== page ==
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Watergate still ticks

Washington, July 28 (Reuters): Thirty years after it happened, a former top aide to Richard Nixon says the former President personally ordered the 1972 burglary of the Democratic party headquarters in the Watergate Hotel.

Jeb Stuart Magruder, the deputy director of Nixon’s 1972 campaign, revealed in a PBS documentary to air on Wednesday that Nixon personally ordered the bungled break-in at the luxury Watergate Hotel complex. The incident began a series of events that led to impeachment hearings. He became the only US President to resign in 1974.

In the PBS interview, Magruder said he overheard Nixon tell John Mitchell to go forward with the break-in on June 17, 1972. “John... you need to do that,” Magruder said he overheard Nixon say in a telephone exchange with Mitchell on March 30, 1972.

Mitchell resigned as Nixon’s attorney general on March 1, 1972, to head Nixon’s re-election campaign.

John Dean, the White House counsel under Nixon, said during a CNN interview yesterday that he had no evidence to prove or disprove the exchange.

If true, the allegations could significantly sharpen history’s answer to one of the major questions in modern US politics: What did Nixon know and when did he know it'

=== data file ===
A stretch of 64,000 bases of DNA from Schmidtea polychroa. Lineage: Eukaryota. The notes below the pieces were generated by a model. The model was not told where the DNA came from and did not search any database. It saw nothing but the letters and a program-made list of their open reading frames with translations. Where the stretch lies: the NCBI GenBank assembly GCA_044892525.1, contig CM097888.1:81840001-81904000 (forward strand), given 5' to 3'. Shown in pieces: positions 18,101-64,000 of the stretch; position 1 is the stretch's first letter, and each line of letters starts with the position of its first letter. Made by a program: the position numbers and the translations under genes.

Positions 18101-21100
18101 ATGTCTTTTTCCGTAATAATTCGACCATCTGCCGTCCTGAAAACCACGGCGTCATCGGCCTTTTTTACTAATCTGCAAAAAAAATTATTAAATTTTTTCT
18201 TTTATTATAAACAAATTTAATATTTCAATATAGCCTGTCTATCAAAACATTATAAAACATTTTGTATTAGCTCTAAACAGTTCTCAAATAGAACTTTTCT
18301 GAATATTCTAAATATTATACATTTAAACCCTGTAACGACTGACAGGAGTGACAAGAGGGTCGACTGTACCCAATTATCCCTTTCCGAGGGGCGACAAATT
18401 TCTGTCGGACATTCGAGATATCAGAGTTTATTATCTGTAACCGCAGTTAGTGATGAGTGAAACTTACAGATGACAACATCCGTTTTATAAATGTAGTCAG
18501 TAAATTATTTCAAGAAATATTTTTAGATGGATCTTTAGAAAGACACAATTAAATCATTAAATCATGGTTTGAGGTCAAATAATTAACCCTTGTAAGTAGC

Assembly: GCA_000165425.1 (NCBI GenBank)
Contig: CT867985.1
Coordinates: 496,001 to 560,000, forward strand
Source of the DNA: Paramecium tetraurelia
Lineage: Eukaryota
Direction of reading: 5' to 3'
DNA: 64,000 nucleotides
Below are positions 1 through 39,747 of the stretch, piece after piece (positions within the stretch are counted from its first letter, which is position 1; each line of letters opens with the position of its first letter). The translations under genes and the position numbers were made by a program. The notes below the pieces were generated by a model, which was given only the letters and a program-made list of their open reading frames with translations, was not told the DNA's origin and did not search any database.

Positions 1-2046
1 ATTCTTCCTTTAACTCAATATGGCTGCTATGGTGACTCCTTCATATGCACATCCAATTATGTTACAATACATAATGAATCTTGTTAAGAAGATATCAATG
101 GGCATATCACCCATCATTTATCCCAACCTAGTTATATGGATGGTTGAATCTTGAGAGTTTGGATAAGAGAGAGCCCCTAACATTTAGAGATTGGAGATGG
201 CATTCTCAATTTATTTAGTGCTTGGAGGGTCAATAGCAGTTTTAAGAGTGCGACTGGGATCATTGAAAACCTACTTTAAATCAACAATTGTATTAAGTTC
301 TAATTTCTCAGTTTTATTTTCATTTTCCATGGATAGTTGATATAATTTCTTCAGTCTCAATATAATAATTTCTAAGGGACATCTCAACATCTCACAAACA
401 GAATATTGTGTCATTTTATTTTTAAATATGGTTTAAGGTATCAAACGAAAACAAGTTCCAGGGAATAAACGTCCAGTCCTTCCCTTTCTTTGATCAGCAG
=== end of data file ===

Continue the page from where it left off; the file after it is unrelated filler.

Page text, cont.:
Watergate experts have widely accepted that Nixon knew of the attempt to break into the office of then Democratic party chairman Larry ’Brien at Washington’s Watergate complex and conspired to cover up White House involvement.

However, G. Gordon Liddy, the former FBI agent who spent nearly five years in prison for refusing to testify, has been painted as the mastermind who ordered it. “I must say I did suspect it,” Dean said about Nixon’s personal link to the order, pointing to reported Nixon links to other break-in orders.“It’s not something that strikes me as something Nixon would never do.”

Magruder was charged with perjury and conspiracy to obstruct justice for his role in the Watergate cover-up. He spent seven months in prison.

Dean said there was“a little shred of evidence out there” that Nixon ordered the break-in, pointing to a March 1973 audio tape in which then-White House Chief of Staff H.R.“Bob” Haldeman said an unnamed lawyer on Nixon's re-election committee said Magruder had confirmed Nixon's approval of the Watergate break-in.

Dean said he had no reason to doubt Magruder's story.“I can't imagine why Jeb would have any motive to lie at this point. I understand why he delayed,” he said, pointing out that congressional Watergate investigators never asked Magruder about the incident.

”I wish (Magruder) had done it 30 years ago when it wasn't just a bit of historical minutia,” Dean said. After his time in prison, Magruder began a career as a Presbyterian minister.

Substantiating the story will be difficult: Many of the cast of characters including Nixon, Haldeman and Mitchell are deceased.

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